• Pragerisms

    For a more comprehensive list of Pragerisms visit
    Dennis Prager Wisdom.

    • "The left is far more interested in gaining power than in creating wealth."
    • "Without wisdom, goodness is worthless."
    • "I prefer clarity to agreement."
    • "First tell the truth, then state your opinion."
    • "Being on the Left means never having to say you're sorry."
    • "If you don't fight evil, you fight gobal warming."
    • "There are things that are so dumb, you have to learn them."
  • Liberalism’s Seven Deadly Sins

    • Sexism
    • Intolerance
    • Xenophobia
    • Racism
    • Islamophobia
    • Bigotry
    • Homophobia

    A liberal need only accuse you of one of the above in order to end all discussion and excuse himself from further elucidation of his position.

  • Glenn’s Reading List for Die-Hard Pragerites

    • Bolton, John - Surrender is not an Option
    • Bruce, Tammy - The Thought Police; The New American Revolution; The Death of Right and Wrong
    • Charen, Mona - DoGooders:How Liberals Hurt Those They Claim to Help
    • Coulter, Ann - If Democrats Had Any Brains, They'd Be Republicans; Slander
    • Dalrymple, Theodore - In Praise of Prejudice; Our Culture, What's Left of It
    • Doyle, William - Inside the Oval Office
    • Elder, Larry - Stupid Black Men: How to Play the Race Card--and Lose
    • Frankl, Victor - Man's Search for Meaning
    • Flynn, Daniel - Intellectual Morons
    • Fund, John - Stealing Elections
    • Friedman, George - America's Secret War
    • Goldberg, Bernard - Bias; Arrogance
    • Goldberg, Jonah - Liberal Fascism
    • Herson, James - Tales from the Left Coast
    • Horowitz, David - Left Illusions; The Professors
    • Klein, Edward - The Truth about Hillary
    • Mnookin, Seth - Hard News: Twenty-one Brutal Months at The New York Times and How They Changed the American Media
    • Morris, Dick - Because He Could; Rewriting History
    • O'Beirne, Kate - Women Who Make the World Worse
    • Olson, Barbara - The Final Days: The Last, Desperate Abuses of Power by the Clinton White House
    • O'Neill, John - Unfit For Command
    • Piereson, James - Camelot and the Cultural Revolution: How the Assassination of John F. Kennedy Shattered American Liberalism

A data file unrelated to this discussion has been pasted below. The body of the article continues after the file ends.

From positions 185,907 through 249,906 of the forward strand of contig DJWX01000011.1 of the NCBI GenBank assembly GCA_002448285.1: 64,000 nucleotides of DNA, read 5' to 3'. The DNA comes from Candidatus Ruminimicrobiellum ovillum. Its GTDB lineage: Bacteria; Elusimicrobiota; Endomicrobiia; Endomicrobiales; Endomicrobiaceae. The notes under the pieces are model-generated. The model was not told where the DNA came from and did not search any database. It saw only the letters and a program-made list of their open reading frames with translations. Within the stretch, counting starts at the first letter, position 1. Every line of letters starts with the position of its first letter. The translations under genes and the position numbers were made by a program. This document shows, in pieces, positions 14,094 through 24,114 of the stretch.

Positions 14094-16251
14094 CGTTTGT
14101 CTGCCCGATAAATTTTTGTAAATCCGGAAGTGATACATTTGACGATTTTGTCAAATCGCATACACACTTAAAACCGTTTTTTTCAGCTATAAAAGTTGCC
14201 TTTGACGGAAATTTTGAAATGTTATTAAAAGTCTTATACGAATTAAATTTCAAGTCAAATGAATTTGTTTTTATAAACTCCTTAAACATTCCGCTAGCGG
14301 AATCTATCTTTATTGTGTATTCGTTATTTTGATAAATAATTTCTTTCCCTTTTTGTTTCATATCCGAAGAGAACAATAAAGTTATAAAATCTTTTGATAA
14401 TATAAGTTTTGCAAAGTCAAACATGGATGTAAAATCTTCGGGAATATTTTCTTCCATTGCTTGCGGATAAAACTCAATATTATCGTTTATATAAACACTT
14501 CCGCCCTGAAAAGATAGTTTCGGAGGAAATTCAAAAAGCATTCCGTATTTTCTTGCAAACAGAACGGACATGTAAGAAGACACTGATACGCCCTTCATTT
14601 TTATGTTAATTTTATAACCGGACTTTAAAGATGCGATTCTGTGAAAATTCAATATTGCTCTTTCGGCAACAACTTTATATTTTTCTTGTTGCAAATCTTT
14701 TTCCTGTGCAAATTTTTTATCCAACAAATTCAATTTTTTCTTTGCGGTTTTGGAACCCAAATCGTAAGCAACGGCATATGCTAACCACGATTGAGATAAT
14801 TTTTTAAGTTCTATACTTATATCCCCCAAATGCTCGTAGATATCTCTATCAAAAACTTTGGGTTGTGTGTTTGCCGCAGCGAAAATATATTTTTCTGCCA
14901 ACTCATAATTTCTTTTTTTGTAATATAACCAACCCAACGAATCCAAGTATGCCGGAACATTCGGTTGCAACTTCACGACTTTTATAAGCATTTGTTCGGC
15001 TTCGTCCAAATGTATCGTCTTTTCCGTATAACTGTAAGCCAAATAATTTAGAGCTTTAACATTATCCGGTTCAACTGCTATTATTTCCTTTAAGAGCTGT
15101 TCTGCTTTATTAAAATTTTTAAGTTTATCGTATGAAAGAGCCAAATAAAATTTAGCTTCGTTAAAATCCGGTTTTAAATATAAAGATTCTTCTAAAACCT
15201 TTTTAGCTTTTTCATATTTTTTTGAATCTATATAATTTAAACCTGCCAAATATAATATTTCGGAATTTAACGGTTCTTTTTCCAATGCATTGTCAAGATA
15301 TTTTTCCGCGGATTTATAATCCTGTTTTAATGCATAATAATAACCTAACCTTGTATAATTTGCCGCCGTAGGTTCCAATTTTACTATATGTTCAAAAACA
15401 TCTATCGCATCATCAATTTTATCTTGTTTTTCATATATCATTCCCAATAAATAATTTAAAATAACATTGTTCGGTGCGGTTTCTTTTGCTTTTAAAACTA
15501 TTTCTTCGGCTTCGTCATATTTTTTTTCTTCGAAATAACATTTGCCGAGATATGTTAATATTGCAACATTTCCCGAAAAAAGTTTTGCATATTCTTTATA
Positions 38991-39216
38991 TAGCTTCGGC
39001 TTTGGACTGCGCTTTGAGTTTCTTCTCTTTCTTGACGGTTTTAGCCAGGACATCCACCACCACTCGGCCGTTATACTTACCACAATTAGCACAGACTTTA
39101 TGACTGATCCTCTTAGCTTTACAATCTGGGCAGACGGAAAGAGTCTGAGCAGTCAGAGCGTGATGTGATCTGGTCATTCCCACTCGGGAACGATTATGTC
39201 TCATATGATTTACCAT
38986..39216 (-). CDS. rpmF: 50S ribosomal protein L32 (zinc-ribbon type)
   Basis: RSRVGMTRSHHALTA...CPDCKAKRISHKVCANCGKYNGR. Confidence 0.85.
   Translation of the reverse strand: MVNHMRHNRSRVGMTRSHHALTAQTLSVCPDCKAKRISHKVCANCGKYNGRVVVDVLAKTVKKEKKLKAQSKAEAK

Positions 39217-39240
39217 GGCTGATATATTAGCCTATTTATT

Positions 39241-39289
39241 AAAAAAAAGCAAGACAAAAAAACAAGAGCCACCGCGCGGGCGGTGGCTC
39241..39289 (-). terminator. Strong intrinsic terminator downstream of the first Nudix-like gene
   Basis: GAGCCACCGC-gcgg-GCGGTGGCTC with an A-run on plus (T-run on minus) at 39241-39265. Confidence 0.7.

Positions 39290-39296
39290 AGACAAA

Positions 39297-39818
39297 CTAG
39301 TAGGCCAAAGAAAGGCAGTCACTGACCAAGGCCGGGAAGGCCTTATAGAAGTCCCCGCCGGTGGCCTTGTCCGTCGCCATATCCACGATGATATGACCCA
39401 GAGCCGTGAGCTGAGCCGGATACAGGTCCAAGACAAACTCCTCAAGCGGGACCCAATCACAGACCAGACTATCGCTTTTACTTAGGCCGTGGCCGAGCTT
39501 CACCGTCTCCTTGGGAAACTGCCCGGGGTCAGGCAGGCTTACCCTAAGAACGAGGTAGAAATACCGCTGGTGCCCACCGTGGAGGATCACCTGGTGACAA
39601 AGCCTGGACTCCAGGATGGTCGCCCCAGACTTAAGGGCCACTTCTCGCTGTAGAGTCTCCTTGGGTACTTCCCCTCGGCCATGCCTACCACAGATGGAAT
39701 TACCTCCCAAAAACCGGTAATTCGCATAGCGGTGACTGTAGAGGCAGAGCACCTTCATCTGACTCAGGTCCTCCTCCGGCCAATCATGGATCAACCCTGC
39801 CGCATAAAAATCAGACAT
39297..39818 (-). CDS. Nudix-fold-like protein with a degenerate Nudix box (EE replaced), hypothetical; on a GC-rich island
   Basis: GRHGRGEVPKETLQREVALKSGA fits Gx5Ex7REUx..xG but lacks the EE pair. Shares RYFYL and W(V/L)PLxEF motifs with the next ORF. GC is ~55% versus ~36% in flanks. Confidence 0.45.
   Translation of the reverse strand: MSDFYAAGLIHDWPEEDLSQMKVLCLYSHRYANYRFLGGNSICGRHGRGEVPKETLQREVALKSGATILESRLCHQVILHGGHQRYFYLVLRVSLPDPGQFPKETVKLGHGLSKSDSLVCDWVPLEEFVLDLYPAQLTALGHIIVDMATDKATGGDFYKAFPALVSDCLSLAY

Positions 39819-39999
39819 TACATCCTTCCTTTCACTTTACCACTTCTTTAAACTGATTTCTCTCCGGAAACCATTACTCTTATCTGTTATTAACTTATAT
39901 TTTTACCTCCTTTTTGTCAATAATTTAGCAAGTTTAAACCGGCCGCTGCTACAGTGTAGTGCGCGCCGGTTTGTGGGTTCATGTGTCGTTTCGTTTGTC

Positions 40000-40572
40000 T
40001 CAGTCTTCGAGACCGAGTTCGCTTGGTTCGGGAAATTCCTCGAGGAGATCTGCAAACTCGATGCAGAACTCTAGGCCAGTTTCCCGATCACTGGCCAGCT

• Prager, Dennis - Think A Second Time
    • Sharansky, Natan - The Case for Democracy
    • Stein, Ben - Can America Survive? The Rage of the Left, the Truth, and What to Do About It
    • Steyn, Mark - America Alone
    • Stephanopolous, George - All Too Human
    • Thomas, Clarence - My Grandfather's Son
    • Timmerman, Kenneth - Shadow Warriors
    • Williams, Juan - Enough: The Phony Leaders, Dead-End Movements, and Culture of Failure That Are Undermining Black America--and What We Can Do About It
    • Wright, Lawrence - The Looming Tower

Muslim Brotherhood’s Cause: “Raising a jihadi generation that pursues death just as the enemies pursue life.”

Written by Bret Stephens in the Wall Street Journal,  Feb. 15, 2011.

“It’s what the good people on West 40th Street like to call a “Times Classic.”  On Feb. 16, 1979, the New York Times ran a lengthy op-ed by Richard Falk, a professor of international law at Princeton, under the headline “Trusting Khomeini.”

“The depiction of (Khomeini) as fanatical, reactionary and the bearer of crude prejudices seems certainly and happily false,” wrote Mr. Falk.  “What is also encouraging is that his entoruage of close advisers in uniformly composed of moderate, progressive individuals”.

After carrying on in this vein for a few paragraphs, the professor concluded:  “Having created a new model of popular revolution based, for the most part, on nonviolent tactics, Iran may yet provide us with a desperately needed model of humane governance for a third-world country.”

Whoops.

The Times is at it again.  Last week, the paper published an op-ed from Essam El-Errian, a member of the Muslim Brotherhood’s Guidance Council, who offered this soothing take on his organization: “We aim to achieve reform and rights for all:  not just for the Muslim Brotherhood, not just for Muslims, but for all Egyptians.”  Concurring with that view, Times Reporter Nicholas Kulish wrote on Feb. 4 that members of the Brotherhood “come-across as civic-minded people of faith.

It’s easy to be taken in by the Brotherhood:  Eight decades as a disciplined  underground organization, outwardly involved in charitable social work, have made them experta at tailoring messages to separate audiences.  The Brotherhood has also been careful to distinguish itself from the Salafist followers of Sayyid Quith, himself a Muslim Brother who developed the concept of ‘takfir’, which allows one Muslim to denounce another Muslim as an apostate and treat him accordingly.  “The thought of the Brotherhood doesn’t have the tendency to…..take violent measures,” Muhammad Habib, the Brotherhood’s former deputy supreme guide, told me in Cairo in 2006.